A fire started accidentally can destroy all the things you worked so hard for. Thanks to home insurance, you will be able to replace some of them. But there are things that you cannot replace; things, which have no financial, value but mean the most to you. Here are a few strategies that you can use to fire-proof your home:
Access to your home
Make sure that your home is easily accessible to the firefighters. This is an important issue for rural people, who may not have roads which are clearly marked, or who rely on old logging roads which are too narrow or steep for heavy equipment.
Make sure that your roof is fire-resistant.
Shake roofs are most susceptible to fire while tile or metal offer the best defense.
The structure of your home
If your house is built from wood, make sure that the wood is fire-treated.
Make sure that each bedroom has two escape routes. Practice with your kids so that they know where the second escape route is and how to use it.
Should you live in a rural wooded area where forest fires are a possibility, make sure that your landscaping creates a defensible area around the house. The zone should stretch approximately 100 – 150 feet from the house outward. Plant low vegetation like grass closest to the home. Keep the grass moist and trim. Individual shrubs or trees should be at least 10 feet from the home.
In the next zone, trees should be thinned and their lower branches removed to lessen the chance of a ground fire climbing into their tops. Trees should generally be kept far enough from the home so their tops, if ignited, could not carry fire to the home.
Here is some of the fire-resistive plants should be considered when landscaping around your home: Yarrow, Rock Rose, Dwarf Coyote Bush, Morning Glory Bush, Australian Fuchsia, African Daisy, Sunrose, Honey Suckle, Green Lavender Cot, Perennial Verbena, Dwarf Periwinkle, Ivy, Aaron’s Beard, Creeping Rosemary, and Periwinkle. The trees are Carob, California Pepper, African Suman, and Brazilian Pepper.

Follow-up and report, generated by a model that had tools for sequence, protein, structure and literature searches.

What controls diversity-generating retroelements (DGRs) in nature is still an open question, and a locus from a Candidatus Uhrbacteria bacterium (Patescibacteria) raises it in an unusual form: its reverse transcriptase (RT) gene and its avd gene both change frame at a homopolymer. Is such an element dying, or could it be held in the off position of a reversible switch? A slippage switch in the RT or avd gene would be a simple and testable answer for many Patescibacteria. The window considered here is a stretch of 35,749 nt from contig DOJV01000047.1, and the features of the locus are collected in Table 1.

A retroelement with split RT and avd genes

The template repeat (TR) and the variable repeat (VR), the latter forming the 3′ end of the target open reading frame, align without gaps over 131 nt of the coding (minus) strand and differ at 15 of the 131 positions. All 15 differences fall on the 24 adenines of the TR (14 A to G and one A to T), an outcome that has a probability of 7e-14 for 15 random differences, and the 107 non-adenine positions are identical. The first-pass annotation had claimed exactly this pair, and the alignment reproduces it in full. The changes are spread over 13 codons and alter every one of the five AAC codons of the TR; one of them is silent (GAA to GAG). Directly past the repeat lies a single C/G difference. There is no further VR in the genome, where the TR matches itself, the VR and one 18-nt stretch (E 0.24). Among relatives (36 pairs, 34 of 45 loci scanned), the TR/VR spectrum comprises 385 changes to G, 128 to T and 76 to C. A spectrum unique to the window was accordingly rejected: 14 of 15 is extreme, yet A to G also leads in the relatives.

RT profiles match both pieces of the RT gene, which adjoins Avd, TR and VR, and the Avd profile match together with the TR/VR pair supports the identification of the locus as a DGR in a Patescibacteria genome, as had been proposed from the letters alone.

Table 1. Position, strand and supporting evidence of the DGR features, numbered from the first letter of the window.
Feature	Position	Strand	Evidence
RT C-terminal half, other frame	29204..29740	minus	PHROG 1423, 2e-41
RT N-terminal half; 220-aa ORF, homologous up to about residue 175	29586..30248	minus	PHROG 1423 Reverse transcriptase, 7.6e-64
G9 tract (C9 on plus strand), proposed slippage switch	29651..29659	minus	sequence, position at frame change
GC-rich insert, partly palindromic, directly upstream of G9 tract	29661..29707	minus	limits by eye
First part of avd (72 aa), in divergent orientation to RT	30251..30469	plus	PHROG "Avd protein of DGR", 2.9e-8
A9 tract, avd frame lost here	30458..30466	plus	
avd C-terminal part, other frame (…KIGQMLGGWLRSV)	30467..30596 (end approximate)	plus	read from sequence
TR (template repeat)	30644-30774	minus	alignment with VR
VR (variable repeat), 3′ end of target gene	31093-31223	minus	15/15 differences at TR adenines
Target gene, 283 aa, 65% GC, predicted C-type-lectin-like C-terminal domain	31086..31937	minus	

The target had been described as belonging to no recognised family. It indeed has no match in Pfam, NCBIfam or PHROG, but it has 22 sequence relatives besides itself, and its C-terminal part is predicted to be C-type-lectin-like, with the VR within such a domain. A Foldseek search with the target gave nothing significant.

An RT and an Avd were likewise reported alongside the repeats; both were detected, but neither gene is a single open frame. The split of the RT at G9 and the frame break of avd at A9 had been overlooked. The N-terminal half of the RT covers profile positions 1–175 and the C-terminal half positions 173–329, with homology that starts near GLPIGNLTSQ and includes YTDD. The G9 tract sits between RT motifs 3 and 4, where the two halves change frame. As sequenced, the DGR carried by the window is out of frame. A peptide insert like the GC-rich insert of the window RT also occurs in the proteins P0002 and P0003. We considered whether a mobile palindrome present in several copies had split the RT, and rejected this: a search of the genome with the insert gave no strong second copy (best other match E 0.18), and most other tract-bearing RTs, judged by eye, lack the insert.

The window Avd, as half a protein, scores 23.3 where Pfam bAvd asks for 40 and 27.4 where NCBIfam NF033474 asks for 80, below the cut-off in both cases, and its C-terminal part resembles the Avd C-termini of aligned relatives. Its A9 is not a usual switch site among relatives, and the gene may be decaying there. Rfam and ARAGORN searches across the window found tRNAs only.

To help the plants and trees maintain their fire resistance, they need to be watered and pruned to remove dead leaves and branches. Routine care and maintenance will provide you with an attractive defensible space against wildfire.
Inside the home
Install smoke detectors in your home. Make sure that there is one outside your bedroom. Test your smoke detectors once a month. Change your smoke detector’s battery every fall and the spring. You should have fire extinguishers everywhere: your family’s kitchen; the garage and car.
All electrical appliances and tools should have a testing agency label. If an appliance is exposed to water where it shouldn’t, service it before you use it.
Make sure that your kerosene heater is in good working condition. Inspect exhaust parts for carbon build-up. Make sure that the heater has an emergency shut off that operates in case the heater is tipped over. Never use fuel-burning appliances without proper room venting. Burning fuel (kerosene, coal, or propane) produces deadly fumes, mostly in the form of carbon monoxide.
Only use the fuel recommended by the heater manufacturer. Keep kerosene and other flammable liquids stored in approved metal containers, in well-ventilated storage areas, outside of the house. Never fill the heater while it is hot or in operation. When refueling an oil or kerosene unit, avoid overfilling. Be careful with cold fuel, for it may expand in the tank as it warms up.
Make sure that your stove is installed properly. It should have adequate clearance from combustible surfaces, and proper floor support and protection. Have the chimney inspected annually and cleaned if necessary, especially if it has not been used for some time. Do not use flammable liquids to start or accelerate any fire.
The fire place
Keep a glass or metal screen in front of the fireplace opening to prevent embers or sparks from jumping out and unwanted materials (or people) from going in.
When there is a fire in your home
- Get out immediately. Don’t try to take your possessions: they can be replaced, you can’t.
2.Crawl under the smoke. Don’t try to run through it. You should also “stop, drop and roll” upon leaving the burning house or building if your clothes have caught on fire. Teach all these to your children too.
3. Your family should have a pre-determined place where you all know you should go if there is a fire in your home. That will make it easy to do a head-count and determine who is missing. It would be tragic if someone went back to the house to look for a person who was already outside and got stuck in the fire.
- Call the fire department. Don’t assume your neighbors did. During your call, give your physical address to the fire department as well as information about what is burning.